SEC Slaps Execs for Late Reporting of Stock Transactions

Twenty-eight officers, directors and major shareholders, including two CFOs, failed to promptly report insider holdings and transactions, the SEC c...
Vincent RyanSeptember 10, 2014
SEC Slaps Execs for Late Reporting of Stock Transactions

The SEC announced civil charges today against 28 officers, directors and major shareholders (including two CFOs and a controller) for violating federal securities laws requiring them to promptly report information about their holdings and transactions in company stock.

clockIn addition, six publicly-traded companies were charged for “contributing to filing failures by insiders or failing to report their insiders’ filing delinquencies.”

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Thirty-three of the 34 individuals and companies named in the SEC’s orders agreed to settle the charges and pay financial penalties totaling $2.6 million, the agency said.

Among the 13 habitual late-filers who were officers or directors of public companies, the SEC charged three finance depatment personnel: Bradley S. Forsyth, CFO and chief accounting officer of Willis Lease Finance Corp.; Sidney C. Hooper, CFO and principal accounting officer of Sutron Corp.; and Alan M. Schnaid, principal accounting officer and corporate controller of Starwood Hotels & Resorts Worldwide.

Forsyth and Schnaid agreed to pay a $25,000 penalty and Hooper agreed to a $34,125 penalty.

The six companies charged with contributing to insider filing failures settled with the SEC for penalties of either $75,000 or $150,000. The companies were Jones Lang LaSalle, KMG ChemicalsStarwood Hotel & Resorts Worldwide, Tel-Instrument Electronics, Universal Electronics, and Willis Lease Finance.

The SEC said the charges were the result of an enforcement initiative focusing on two types of insider ownership reports: Form 4, which corporate officers, directors and certain beneficial owners of more than 10% of a registered class of a company’s stock must use to report their transactions within two business days; and Schedules 13D and 13G, reports that beneficial owners of more than 5% of a registered class of a company’s stock must use to report holdings or intentions with respect to the company.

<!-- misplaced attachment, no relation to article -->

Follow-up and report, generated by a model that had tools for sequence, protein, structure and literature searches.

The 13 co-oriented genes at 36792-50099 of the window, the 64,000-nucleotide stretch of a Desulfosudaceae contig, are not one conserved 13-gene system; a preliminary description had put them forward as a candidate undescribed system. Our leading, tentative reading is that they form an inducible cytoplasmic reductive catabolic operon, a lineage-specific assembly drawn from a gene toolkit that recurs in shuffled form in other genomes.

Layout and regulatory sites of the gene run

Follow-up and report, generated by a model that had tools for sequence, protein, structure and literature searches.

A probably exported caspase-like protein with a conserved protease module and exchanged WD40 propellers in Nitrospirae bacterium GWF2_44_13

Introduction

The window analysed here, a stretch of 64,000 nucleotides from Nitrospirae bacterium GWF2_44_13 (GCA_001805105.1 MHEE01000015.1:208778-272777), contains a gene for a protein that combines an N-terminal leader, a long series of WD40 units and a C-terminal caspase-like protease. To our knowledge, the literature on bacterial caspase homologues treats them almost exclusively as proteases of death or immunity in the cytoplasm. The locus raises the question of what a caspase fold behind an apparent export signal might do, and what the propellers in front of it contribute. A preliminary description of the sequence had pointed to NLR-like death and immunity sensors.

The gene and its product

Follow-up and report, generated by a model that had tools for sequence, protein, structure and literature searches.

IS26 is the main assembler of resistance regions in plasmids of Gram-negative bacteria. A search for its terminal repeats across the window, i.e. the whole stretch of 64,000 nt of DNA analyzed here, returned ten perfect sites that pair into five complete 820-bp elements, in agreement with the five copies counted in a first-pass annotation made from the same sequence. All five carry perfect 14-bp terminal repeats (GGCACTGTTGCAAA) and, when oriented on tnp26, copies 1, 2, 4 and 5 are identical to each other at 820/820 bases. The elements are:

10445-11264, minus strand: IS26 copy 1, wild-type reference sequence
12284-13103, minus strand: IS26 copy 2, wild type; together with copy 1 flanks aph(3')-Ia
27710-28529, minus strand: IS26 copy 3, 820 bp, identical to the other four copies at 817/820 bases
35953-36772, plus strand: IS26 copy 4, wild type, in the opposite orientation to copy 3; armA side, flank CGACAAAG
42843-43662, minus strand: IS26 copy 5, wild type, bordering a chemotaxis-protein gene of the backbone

The SEC said the charnged insiders repeatedly filed reports late, sometimes by weeks, months, or even years.

“Using quantitative analytics, we identified individuals and companies with especially high rates of filing deficiencies, and we are bringing these actions together to send a clear message about the importance of these filing provisions,” Andrew J. Ceresney, Director of the SEC’s Division of Enforcement, said. “Officers, directors, major shareholders, and issuers should all take note: inadvertence is no defense to filing violations, and we will vigorously police these sorts of violations through streamlined actions.”

The SEC announcement also included charges against five individuals and 10 investment firms that were beneficial owners of publicly traded companies.

Only Ligang Wang, vice president of China Shen Zhou Mining & Resources, failed to settle with the SEC. He is alleged by the Division of Enforcement to have failed to file – on time or at all – reports of his sales of more than 165,000 shares of company stock with a market value of more than $1 million, the SEC says. The Division of Enforcement will litigate the charges against him in an administrative proceeding before an administrative law judge.

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